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Deadly Companions: How Microbes Shaped Our History Paperback – February 15, 2009

ISBN-13: 978-0199561445 ISBN-10: 0199561443 Edition: Reprint

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Product Details

  • Paperback: 272 pages
  • Publisher: Oxford University Press; Reprint edition (February 15, 2009)
  • Language: English
  • ISBN-10: 0199561443
  • ISBN-13: 978-0199561445
  • Product Dimensions: 7.6 x 0.8 x 5 inches
  • Shipping Weight: 7 ounces (View shipping rates and policies)
  • Average Customer Review: 4.5 out of 5 stars  See all reviews (19 customer reviews)
  • Amazon Best Sellers Rank: #135,336 in Books (See Top 100 in Books)

Editorial Reviews


`Review from previous edition Lucid and authoritative... crisply written narrative.' Wendy Moore, Sunday Telegraph

`Fascinating... Deadly Companions is authoritative, detailed and - despite its gruesome subject - never sensational.' PD Smith, The Guardian

About the Author

Dorothy Crawford is Professor of Medical Microbiology at the University of Edinburgh, where she is also Assistant Principal for the Public Understanding of Medicine. She was awarded an OBE in 2005 for services to medicine and higher education.

Books by the same author:
The Invisible Enemy: A Natural History of Viruses

Customer Reviews

The author really knows her microbiology and made this such an interesting read I would highly recommend it.
Kathleen Williamson
Dorothy H. Crawford is a great author and takes you on a historical tour of the influence that microbes have had on human development and history.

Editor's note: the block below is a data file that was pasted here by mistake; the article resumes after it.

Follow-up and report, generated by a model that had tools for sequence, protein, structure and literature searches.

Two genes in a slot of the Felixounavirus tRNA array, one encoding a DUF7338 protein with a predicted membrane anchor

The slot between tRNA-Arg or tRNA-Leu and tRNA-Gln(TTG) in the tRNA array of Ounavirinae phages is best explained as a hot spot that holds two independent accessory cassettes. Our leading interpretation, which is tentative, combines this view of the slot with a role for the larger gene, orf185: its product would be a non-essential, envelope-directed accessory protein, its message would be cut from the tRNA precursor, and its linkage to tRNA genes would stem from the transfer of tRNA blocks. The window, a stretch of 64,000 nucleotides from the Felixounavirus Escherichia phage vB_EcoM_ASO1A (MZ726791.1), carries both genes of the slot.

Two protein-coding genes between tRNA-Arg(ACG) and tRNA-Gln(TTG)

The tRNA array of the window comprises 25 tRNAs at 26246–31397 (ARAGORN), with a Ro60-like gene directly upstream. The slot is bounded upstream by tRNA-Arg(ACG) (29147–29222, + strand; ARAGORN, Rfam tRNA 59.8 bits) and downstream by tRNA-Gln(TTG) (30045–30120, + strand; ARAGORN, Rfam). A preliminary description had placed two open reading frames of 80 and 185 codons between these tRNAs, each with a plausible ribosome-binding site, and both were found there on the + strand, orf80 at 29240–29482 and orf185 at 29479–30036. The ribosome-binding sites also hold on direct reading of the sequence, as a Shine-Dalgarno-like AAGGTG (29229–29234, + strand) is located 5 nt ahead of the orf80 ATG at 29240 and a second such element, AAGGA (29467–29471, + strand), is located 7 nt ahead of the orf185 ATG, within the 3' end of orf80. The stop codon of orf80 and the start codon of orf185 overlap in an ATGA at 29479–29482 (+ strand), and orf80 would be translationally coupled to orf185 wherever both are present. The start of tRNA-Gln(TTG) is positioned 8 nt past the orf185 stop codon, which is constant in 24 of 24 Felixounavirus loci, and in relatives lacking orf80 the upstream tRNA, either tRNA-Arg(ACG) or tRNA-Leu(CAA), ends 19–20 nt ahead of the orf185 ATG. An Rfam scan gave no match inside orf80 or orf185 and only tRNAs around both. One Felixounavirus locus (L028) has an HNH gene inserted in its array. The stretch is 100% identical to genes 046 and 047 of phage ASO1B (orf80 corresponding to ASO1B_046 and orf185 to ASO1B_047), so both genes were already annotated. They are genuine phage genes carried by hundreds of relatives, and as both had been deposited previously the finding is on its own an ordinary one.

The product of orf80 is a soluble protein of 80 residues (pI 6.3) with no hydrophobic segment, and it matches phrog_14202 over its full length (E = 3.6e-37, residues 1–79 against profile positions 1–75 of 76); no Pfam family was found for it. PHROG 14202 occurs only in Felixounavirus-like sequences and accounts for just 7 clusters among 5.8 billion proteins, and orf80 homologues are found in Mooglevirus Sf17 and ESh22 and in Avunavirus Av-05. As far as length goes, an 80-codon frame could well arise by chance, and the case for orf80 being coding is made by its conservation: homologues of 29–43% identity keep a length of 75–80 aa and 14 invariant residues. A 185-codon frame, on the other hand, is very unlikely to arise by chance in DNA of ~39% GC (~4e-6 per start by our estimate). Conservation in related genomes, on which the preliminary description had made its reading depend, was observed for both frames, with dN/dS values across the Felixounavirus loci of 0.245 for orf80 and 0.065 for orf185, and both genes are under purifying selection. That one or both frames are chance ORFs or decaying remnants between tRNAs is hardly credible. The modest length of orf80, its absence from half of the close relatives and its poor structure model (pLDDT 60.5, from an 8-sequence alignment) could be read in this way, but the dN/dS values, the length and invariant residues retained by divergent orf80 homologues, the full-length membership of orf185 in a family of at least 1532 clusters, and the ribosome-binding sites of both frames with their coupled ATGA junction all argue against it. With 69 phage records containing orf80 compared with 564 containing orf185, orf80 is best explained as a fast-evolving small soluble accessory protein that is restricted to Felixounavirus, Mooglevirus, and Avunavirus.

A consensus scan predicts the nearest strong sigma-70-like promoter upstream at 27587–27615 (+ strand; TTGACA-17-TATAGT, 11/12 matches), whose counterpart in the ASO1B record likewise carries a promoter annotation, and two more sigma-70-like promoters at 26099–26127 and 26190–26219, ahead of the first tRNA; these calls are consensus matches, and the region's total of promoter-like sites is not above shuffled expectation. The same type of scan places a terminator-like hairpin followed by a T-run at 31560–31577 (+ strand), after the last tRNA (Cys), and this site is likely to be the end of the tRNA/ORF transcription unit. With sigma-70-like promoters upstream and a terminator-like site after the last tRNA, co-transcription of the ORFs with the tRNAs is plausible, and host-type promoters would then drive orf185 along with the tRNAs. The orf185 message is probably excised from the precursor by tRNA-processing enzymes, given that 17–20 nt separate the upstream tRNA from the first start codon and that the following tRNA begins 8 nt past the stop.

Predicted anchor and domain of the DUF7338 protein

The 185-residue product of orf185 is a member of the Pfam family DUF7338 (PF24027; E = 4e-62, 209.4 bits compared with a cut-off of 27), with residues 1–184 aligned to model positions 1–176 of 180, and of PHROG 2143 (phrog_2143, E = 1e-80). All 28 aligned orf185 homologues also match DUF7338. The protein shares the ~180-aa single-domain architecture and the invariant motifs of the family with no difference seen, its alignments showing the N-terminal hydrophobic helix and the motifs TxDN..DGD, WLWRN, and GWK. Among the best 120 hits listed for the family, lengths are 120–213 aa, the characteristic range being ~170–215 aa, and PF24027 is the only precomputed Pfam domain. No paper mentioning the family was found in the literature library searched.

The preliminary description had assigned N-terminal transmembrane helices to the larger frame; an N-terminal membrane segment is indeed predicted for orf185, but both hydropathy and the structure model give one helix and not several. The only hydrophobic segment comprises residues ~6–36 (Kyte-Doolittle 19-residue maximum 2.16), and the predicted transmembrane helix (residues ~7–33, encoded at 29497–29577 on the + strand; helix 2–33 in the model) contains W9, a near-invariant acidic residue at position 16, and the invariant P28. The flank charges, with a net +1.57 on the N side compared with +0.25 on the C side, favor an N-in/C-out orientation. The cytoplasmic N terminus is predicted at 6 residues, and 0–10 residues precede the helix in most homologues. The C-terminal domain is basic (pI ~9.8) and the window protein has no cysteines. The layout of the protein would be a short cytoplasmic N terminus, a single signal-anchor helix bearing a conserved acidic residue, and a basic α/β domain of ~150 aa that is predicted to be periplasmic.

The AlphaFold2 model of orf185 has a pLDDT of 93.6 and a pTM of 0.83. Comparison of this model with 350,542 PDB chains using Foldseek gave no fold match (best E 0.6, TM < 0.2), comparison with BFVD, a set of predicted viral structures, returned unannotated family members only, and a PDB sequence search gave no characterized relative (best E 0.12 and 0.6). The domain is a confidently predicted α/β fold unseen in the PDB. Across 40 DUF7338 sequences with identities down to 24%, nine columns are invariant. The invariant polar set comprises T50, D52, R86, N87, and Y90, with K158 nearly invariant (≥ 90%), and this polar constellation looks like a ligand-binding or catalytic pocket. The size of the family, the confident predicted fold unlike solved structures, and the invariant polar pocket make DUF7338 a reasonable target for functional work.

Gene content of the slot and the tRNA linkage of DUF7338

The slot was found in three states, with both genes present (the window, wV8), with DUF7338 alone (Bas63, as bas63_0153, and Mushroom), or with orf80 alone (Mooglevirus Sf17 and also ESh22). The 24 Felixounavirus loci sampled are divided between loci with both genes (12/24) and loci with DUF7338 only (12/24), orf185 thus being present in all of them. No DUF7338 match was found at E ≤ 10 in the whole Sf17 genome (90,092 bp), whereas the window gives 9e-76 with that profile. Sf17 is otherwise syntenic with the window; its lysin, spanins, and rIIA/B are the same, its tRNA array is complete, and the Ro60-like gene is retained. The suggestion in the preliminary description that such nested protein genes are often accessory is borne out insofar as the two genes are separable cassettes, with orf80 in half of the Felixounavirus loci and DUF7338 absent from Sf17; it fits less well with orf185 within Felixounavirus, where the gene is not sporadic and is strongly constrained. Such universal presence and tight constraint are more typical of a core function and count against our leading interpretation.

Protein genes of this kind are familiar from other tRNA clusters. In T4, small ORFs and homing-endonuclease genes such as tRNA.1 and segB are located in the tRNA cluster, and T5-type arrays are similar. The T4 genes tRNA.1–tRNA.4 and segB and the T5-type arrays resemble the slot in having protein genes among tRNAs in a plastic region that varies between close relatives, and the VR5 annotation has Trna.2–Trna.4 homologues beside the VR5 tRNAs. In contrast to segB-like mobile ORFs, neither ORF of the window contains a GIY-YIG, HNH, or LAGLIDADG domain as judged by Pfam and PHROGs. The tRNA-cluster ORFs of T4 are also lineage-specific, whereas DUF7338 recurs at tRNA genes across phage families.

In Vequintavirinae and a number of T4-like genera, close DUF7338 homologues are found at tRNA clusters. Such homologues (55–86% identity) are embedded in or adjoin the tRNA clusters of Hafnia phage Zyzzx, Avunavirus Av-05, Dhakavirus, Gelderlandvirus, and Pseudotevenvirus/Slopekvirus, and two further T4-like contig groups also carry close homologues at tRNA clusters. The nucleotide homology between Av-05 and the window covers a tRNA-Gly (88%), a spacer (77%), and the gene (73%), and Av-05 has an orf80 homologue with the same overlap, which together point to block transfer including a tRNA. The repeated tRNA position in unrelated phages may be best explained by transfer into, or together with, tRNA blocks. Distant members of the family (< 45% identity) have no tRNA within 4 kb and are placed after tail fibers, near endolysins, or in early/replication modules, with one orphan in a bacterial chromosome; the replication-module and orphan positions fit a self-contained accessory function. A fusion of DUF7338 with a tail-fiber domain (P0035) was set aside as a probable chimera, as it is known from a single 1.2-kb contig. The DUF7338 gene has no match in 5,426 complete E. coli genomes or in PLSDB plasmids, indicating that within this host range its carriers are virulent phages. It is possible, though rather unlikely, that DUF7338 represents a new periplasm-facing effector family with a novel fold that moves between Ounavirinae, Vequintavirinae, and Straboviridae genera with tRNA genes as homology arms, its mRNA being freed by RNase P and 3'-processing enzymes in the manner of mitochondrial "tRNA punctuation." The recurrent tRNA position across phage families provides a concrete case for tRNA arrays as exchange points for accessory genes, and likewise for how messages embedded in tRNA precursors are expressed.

This is an excellent book for a general coverage of the topic, infused with a lot of specialist knowledge deftly displayed.

Most Helpful Customer Reviews

34 of 37 people found the following review helpful By R. Hardy HALL OF FAMETOP 500 REVIEWER on January 23, 2008
Format: Hardcover
Bacteria have a bad reputation. We think of them as causing illness, and that's correct, of course, but overwhelmingly they do not cause us harm. Without them, indeed, we could not digest our food, and elements could not be recycled into the environment. They have been performing this sort of vital service for around 600 million years. There are a million or so microbes we know about, and of them, only 1,415 are known to cause disease in humans, with the rest steadily chugging away to keep the world in balance. Those pathogenic ones are the main subject in _Deadly Companions: How Microbes Shaped Our History_ (Oxford University Press) by Dorothy H. Crawford. A microbiologist, Crawford has written plenty of scientific papers, but here (as in a previous book about viruses) she writes for a popular audience to show how microbes, especially the ones that bother and kill us, have affected the humans that are interlopers in their world. We must never forget that most microbes are our companions and are not deadly, and that we live in a mutually beneficial partnership with millions of them. But it is their world: "We relative newcomers to the planet," ominously writes Crawford, "emerge from the safe environment of our mother's womb pristine, untouched by the infectious microbes, but within hours our bodies are colonised by swarms of them, all intent on living off this new food source."